But this book is great. It is at the same time a personal story, a conversation with the reader about how to write prose, English prose, Loving rememberances of Philip Larkin, of Saul Bellow, of Christopher Hitchens Thoughs about having children, about ageing, about dying It does never bore, or stay too long on one subject, and leaves the reader all the while wanting .
So, I have gone back, to read al the Martin Amis books tha I missed all these years. It is great English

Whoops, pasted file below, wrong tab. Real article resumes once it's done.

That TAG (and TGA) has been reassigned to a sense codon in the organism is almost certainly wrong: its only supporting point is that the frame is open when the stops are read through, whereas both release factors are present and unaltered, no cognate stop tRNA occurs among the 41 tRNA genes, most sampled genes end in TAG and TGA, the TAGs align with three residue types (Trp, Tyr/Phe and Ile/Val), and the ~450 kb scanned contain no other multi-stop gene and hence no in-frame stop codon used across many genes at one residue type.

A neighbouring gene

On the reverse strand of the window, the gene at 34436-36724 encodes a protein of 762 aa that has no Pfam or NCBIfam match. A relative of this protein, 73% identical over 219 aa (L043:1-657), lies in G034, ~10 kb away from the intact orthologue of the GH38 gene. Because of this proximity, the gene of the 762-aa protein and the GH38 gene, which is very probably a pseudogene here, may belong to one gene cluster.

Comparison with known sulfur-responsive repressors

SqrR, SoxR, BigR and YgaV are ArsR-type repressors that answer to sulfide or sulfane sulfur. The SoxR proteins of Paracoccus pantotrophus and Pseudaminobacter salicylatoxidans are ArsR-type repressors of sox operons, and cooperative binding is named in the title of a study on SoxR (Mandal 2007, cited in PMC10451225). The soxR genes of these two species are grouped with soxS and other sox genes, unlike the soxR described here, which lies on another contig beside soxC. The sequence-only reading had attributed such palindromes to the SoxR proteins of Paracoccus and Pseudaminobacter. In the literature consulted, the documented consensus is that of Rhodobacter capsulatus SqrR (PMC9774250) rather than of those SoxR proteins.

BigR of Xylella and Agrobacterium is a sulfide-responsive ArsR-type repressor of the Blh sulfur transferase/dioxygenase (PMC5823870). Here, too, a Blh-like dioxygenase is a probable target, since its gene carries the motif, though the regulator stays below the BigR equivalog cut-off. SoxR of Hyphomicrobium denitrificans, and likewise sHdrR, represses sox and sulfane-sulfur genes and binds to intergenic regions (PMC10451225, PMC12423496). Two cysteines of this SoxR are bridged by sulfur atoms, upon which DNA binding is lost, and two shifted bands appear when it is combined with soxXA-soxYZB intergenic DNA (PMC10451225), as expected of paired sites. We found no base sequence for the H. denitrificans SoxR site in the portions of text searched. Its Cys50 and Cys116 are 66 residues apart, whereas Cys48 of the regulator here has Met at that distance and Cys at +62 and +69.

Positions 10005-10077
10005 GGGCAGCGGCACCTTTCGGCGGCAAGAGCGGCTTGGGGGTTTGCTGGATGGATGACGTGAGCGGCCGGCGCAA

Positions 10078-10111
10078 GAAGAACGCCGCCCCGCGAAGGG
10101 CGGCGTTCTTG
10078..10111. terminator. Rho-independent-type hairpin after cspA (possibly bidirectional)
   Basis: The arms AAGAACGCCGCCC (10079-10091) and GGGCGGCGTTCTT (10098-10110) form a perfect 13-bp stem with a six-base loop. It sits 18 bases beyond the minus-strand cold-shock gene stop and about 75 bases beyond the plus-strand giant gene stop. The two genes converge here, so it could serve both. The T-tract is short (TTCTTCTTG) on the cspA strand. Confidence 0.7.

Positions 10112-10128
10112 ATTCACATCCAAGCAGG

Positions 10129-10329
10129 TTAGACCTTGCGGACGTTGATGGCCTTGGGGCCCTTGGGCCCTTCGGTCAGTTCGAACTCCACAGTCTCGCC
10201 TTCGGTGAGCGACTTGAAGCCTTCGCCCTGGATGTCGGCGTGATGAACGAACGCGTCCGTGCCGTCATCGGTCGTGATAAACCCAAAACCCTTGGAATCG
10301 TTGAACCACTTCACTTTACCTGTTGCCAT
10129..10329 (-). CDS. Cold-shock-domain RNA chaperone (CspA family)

I found the endless footnoes, sometimes taking up half the page, immensely tiresome and not very interesting. Mr. Amis seems to say a great deal in very flowery and splendid English, surely showing how clever and learned he is, but so many of the rambling chapters seem to have no real meaning, making me wonder about the purpose of this long and muddled novel. All very disappointing, indeed, I gave up half way through, having had quite enough of a confusing book. English It’s a bit overwrought for my taste & I found not knowing what was fact & what was fiction annoying. He seems to have invented a new—unsatisfying—genre. That said, I’m not sorry I bought it as there are a few gems in here about writing that made me glad I bought It. Even if I did skip through much of it. English Sort of an autobiographical roundabout in which the reader is helped along by some familiarity with the cast of characters. I would have been happy to go another 522 pages for the pleasure of Amis's writing on whatever topic. English I bought this memoir on the advice of my husband, the poet Simon R Gladdish, and I'm very pleased I did. It is one of the funniest books I have ever read. Bathos abounds, especially when he is detailing his relationship with his first live in girlfriend Phoebe Phelps. Phoebe is a real character, a laugh and a half and a part time prostitute. However, there is plenty of pathos too, particularly when he is describing the decline and death of his closest friend Christopher Hitchens, who died of cancer aged 62. I did disagree with Martin when he casually dismissed John Updike as inferior to both Bellow and Nabokov. I personally would place Updike at the apex of that golden triumvirate and I speak as someone who has been steeped in Nabokov, Updike and Bellow for decades. This book made me laugh, cry and, most importantly, think, which is why I am awarding Martin five stars. English Interweaving the fictional and the semi fictional with real life, this is an ‘autobiographical novel’. At times you might wonder, as I did, why it wasn’t written simply as a memoir. But Amis has written one already Experience which was excellent. In Inside Story, he suggests this is the last long novel he’ll write. There are certainly elements of the novel in it. One of the female characters, who becomes Amis’s lover, is by his account made up. But it seems closely related to a real life figure from his past (who recently accused him of basing the character on her). Details of Amis’s friendship with the late Christopher Hitchens are we assume real. So is much of the information about Martin’s father, Kingsley, and poet Philip Larkin, Kingsley’s close friend and correspondent and Martin’s godfather. Really this book is a kind of retrospective, at times playful and postmodern, at times very moving and serious. Its chief topics are: Hitchens, Kingsley, Larkin, and novelist Saul Bellow the key influences in Amis’s life. The section about 9/11 is memorable, and haunting, but the whole book, which also contains passages offering advice on writing fiction, is beautifully written despite the trademark Amis habit of dropping in long, rarely used words and then giving their Latin derivation. Amis sees himself as a life writer writing not in a genre but drawing inspiration from social realism the substance of real life. Some of the material has been used, though not necessarily verbatim, in previous work, eg (the very good) non fiction collection The Rub of Time. Maybe Inside Story is best understood as the equivalent of The Trip, the comedy series starring Steve Coogan and Rob Brydon touring restaurants in Spain, Italy, Greece, and the UK. It’s lightly fictionalised they play themselves, but there’s the odd bit of fiction thrown in. There’s not much variation you know for certain they’ll both be doing Michael Caine impressions, for example but somehow it all works, because you want to share their preoccupations. Inside Story, which feels like a swan song (hopefully not), is similar. For Amis fans, very little is new or surprising, but again somehow it works. In particular, many of his reflections about Hitchens were new to me. For those who haven’t read Amis before, probably best to start with Money, or The Rachel Papers. This is a book that should probably be read once you have a few Amis titles under your belt. But it is a tour de force. Amis recommends dipping into it rather than reading it in one go and the fragmentary style lends itself to this approach. I didn’t take his advice but still loved it. English